Two hundred and eighty-eight people were killed during the curfews declared on 14 December 2015, which ran until 2 March 2016, in the Cizre (Cızir) district of Şırnak (Şirnex) in Turkey. Dozens of apartments, school buildings, and parks were destroyed in attacks by the Turkish army. Six years have passed since 177 people were killed while taking shelter in the basements of buildings under fire.
However no justice has yet been achieved for the victims. The cases of 21 people who died in the curfews announced from 4-12 September in Cizre are pending with decisions either of “lack of jurisdiction” or of “permanent search warrant”.
Some of the cases with lack of jurisdiction decisions of have been appealed at the Constitutional Court, and of the 21 cases, inquiries are continuing into only one. Not a single person has been tried in six years.
Decisions of lack of jurisdiction were pronounced in the cases of victims Gatban Bülbül (65), Mehmet Emin Levent (26), Mehmet Sait Naycı (16), Osman Çağlı (18), Özgür Taşkın (18), Şahin Açık (74), Hacı Ata Borçin (70) and Mohamed Tahir Yaramış (35 days) who died in Cizre during the curfews. The lawyers have taken these cases to the Constitutional Court.
For the cases of the other victims, Bünyamin İrci (14), Cemile Çağırga (10), Eşref Erdin (60), Maşallah Edin (35), Mehmet Dökmen (70), Mehmet Erdoğan (75), Meryem Süne (45), Selman Ağar (10), Zeynep Taşkın (18) decisions of “permanent search warrant” were issued. There is no information in the cases of Ibrahim Çiçek, Bahattin Sevinik and Suphi Sarak. The investigation into the case against Mehmet Sait Çağdavul continues.
One of the lawyers acting in the cases, Hüseyin Tül, evaluated the six-year legal process for the Mesopotamia News Agency (MA).
Tül stressed that there is no effective investigation due to the political approach of the state in such cases. He noted that not a single suspect has been charged in the time that has passed and that an effective investigation has not been carried out to identify the suspects.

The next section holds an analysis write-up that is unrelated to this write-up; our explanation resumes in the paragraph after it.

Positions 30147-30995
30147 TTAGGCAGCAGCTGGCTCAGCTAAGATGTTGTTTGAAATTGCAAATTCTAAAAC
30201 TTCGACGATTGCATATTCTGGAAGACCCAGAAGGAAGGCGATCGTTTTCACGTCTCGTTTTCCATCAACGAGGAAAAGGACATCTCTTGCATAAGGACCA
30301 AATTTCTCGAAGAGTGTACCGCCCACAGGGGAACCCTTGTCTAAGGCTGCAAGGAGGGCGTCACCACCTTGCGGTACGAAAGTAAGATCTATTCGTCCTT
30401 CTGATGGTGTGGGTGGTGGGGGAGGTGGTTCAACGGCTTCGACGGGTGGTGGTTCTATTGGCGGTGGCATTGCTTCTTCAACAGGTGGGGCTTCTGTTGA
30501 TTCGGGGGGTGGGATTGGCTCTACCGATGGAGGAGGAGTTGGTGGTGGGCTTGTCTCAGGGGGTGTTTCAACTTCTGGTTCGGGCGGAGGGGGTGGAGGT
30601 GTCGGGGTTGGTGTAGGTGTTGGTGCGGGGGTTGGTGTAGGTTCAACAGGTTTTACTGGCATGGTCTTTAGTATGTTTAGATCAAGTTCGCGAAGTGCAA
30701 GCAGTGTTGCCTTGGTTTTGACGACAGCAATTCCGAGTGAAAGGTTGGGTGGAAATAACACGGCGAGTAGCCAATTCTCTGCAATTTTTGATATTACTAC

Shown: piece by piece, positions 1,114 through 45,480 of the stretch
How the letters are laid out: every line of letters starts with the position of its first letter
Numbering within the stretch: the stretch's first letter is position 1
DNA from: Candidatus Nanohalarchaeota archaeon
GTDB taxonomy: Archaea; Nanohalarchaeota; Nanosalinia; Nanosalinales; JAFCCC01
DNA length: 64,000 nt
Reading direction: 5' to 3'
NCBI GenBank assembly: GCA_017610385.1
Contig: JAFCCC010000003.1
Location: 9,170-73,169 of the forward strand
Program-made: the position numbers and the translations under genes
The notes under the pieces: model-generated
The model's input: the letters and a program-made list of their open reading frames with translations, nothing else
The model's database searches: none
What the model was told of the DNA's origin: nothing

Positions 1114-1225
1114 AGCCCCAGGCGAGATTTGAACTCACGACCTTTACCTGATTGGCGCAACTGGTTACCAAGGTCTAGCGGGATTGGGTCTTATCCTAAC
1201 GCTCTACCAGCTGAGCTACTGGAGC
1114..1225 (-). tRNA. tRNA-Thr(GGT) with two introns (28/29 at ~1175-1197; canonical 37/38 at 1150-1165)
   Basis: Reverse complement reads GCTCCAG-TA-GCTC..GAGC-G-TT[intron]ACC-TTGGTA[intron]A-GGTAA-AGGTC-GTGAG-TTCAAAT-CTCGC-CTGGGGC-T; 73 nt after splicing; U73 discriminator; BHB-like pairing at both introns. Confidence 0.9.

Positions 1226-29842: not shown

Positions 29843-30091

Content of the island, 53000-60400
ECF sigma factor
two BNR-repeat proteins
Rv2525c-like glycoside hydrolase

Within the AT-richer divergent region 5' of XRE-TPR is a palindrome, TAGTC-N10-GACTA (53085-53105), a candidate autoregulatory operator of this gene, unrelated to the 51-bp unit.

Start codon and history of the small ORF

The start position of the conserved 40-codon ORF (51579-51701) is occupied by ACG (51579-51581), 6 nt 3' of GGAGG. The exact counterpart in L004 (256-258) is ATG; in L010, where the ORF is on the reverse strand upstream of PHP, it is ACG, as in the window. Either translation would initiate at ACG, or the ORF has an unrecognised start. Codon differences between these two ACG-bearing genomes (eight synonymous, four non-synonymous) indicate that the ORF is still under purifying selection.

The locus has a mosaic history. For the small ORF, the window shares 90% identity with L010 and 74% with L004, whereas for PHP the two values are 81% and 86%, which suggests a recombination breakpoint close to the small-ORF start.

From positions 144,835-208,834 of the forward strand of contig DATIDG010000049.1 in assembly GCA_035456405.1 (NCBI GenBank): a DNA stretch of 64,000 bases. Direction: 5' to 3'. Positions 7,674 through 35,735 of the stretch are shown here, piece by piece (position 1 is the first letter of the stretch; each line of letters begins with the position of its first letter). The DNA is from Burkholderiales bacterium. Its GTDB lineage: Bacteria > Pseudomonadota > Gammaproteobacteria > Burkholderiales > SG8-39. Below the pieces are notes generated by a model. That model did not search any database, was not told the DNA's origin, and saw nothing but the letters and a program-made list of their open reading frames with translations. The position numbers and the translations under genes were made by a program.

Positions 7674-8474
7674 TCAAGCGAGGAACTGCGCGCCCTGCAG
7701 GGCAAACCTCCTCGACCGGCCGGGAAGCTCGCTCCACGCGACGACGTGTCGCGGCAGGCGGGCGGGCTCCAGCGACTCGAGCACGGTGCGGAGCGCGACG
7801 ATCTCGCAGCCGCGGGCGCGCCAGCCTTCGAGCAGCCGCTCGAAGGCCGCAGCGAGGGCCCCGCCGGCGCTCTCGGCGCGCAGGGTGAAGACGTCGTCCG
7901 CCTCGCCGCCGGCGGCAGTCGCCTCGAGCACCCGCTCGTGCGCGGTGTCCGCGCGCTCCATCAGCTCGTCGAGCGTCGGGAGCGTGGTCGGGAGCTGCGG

Emphasising that the prosecution considered the people who lost their lives to be suspicious persons, he added:
“In many cases, ‘lack of jurisdiction’ decisions were issued with no clear evidence against the people who died. They assume the people who lost their lives were ‘members of the organisation’ and therefore killed in conflict. This justification is unacceptable. The victim is presumed dead during clashes with security forces. As lawyers we have filed objections to this, but unfortunately our objections have also been rejected.”
Tül said that they had submitted individual applications to the Constitutional Court after the rejection of the objections, and noted that the Constitutional Court process is ongoing, but he added that there has been no progress.
“These files have been waiting at the Constitutional Court for years. Decisions should be made as soon as possible. It is vital that evidence is quickly identified in such cases. As a matter of fact, as time goes on, available evidence gets eliminated. Therefore, it is very important that the decision is made as soon as possible and that an effective investigation is carried out.” he said.
Tül also added that they will take the cases to the European Court of Human Rights (ECtHR).
“We will take the files to the ECtHR if we do not achieve justice within Turkey” he says.